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E.ON says European energy market is uncompetitive

Chief executive calls for reduction in green subsidies and the restructuring of the European energy market

Teyseen believes the European energy market is being held back by green subsidies

Johannes Teyseen, chief executive of E.ON said the price difference between Europe and the USA would lead heavy industry to invest in the latter.

He added that it would take years of innovation and investment before Europe could hope to compete, regardless of whether the continent decided to embrace fracking technology.

For Teyseen, the best chance for Europe to see cheaper energy prices, would be if Australia and China began fracking. This would free up reserves from Qatar and push down global prices.

Environmental subsidies hurting market

Teyseen added that the European energy market is being distorted by green subsidies and blamed these measures for E.ON having to mothball gas powered energy plants, which remain efficient but have become unprofitable.

Speaking to the Financial Times about Europe’s environmental policy, he said: “European power is getting dirtier. The CO2 content is increasing in spite of the renewables. It is unaffordable, and it’s losing its security. So the alarm signs are tremendous.

“We are feeding a giant with baby nutrition, missing the point that this giant can and needs to walk on its own feet now.”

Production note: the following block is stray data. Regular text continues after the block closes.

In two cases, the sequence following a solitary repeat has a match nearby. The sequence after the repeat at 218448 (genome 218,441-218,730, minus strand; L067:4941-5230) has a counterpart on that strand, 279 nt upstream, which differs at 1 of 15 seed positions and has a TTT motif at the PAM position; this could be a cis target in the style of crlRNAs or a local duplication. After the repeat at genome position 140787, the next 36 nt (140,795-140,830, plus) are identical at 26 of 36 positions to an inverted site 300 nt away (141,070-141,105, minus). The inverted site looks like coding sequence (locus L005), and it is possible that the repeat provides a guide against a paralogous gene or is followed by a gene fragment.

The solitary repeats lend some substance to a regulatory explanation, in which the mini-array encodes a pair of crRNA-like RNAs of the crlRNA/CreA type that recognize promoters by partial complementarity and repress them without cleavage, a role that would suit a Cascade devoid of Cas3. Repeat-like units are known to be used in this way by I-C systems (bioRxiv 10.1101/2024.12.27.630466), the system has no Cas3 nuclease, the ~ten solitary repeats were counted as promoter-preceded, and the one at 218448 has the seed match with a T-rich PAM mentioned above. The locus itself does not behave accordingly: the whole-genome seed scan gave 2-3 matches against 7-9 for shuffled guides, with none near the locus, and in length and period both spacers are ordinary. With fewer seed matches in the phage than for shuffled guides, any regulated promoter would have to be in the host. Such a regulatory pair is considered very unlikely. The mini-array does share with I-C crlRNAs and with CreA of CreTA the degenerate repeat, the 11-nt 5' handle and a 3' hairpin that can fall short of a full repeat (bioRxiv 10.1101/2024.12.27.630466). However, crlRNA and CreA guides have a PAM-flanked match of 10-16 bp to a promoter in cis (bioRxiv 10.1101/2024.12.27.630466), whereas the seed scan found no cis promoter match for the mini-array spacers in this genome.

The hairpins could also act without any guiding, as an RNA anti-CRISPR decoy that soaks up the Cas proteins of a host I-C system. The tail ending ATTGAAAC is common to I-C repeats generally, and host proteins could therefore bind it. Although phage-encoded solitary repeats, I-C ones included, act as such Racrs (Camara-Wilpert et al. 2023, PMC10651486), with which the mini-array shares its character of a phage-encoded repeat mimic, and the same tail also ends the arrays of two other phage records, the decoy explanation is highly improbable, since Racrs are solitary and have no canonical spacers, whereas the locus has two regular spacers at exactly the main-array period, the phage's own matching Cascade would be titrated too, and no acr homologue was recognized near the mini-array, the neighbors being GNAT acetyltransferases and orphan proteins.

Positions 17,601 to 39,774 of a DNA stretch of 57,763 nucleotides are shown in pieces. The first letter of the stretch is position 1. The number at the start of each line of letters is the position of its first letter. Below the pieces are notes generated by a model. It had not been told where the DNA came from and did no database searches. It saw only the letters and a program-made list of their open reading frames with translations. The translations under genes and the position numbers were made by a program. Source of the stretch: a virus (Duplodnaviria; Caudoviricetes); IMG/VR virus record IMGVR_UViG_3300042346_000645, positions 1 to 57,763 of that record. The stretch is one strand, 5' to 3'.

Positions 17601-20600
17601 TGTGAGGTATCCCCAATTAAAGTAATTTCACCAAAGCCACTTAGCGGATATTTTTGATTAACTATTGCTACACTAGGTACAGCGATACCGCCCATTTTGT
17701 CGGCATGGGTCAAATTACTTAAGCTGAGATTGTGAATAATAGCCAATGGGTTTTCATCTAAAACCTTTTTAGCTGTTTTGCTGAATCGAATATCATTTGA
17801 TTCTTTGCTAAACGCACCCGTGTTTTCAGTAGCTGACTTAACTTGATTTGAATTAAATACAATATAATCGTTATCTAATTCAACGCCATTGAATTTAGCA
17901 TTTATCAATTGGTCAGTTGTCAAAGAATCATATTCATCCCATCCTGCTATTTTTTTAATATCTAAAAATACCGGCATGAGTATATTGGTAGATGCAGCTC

E.ON is not alone in complaining about green subsidies. In fact, most of the UK’s big six energy suppliers have singled out green initiatives as a major reason there may be energy price rises in the run up to winter.

‘We shouldn’t be further ahead of our partners in Europe’

Teyseen’s comments may well resonate with UK Chancellor George Osborne, who recently announced he did not want environmental subsidies to price Britain out of the energy market.

Speaking ahead of the Conservative party conference, he told the Times: “I want to provide for the country the cheapest energy possible, consistent with having it reliable, in other words as a steady supply, and consistent with us playing our part in an international effort to tackle climate change.

But I don’t want us to be the only people out there in front of the rest of the world. I certainly think we shouldn’t be further ahead of our partners in Europe.”

The comments have been criticized by several environmental groups, including Friends of the Earth, who said Osbourne was “not only contributing to climate change, [but] also undermining our economic future by keeping the nation hooked on increasingly expensive fossil fuels.”

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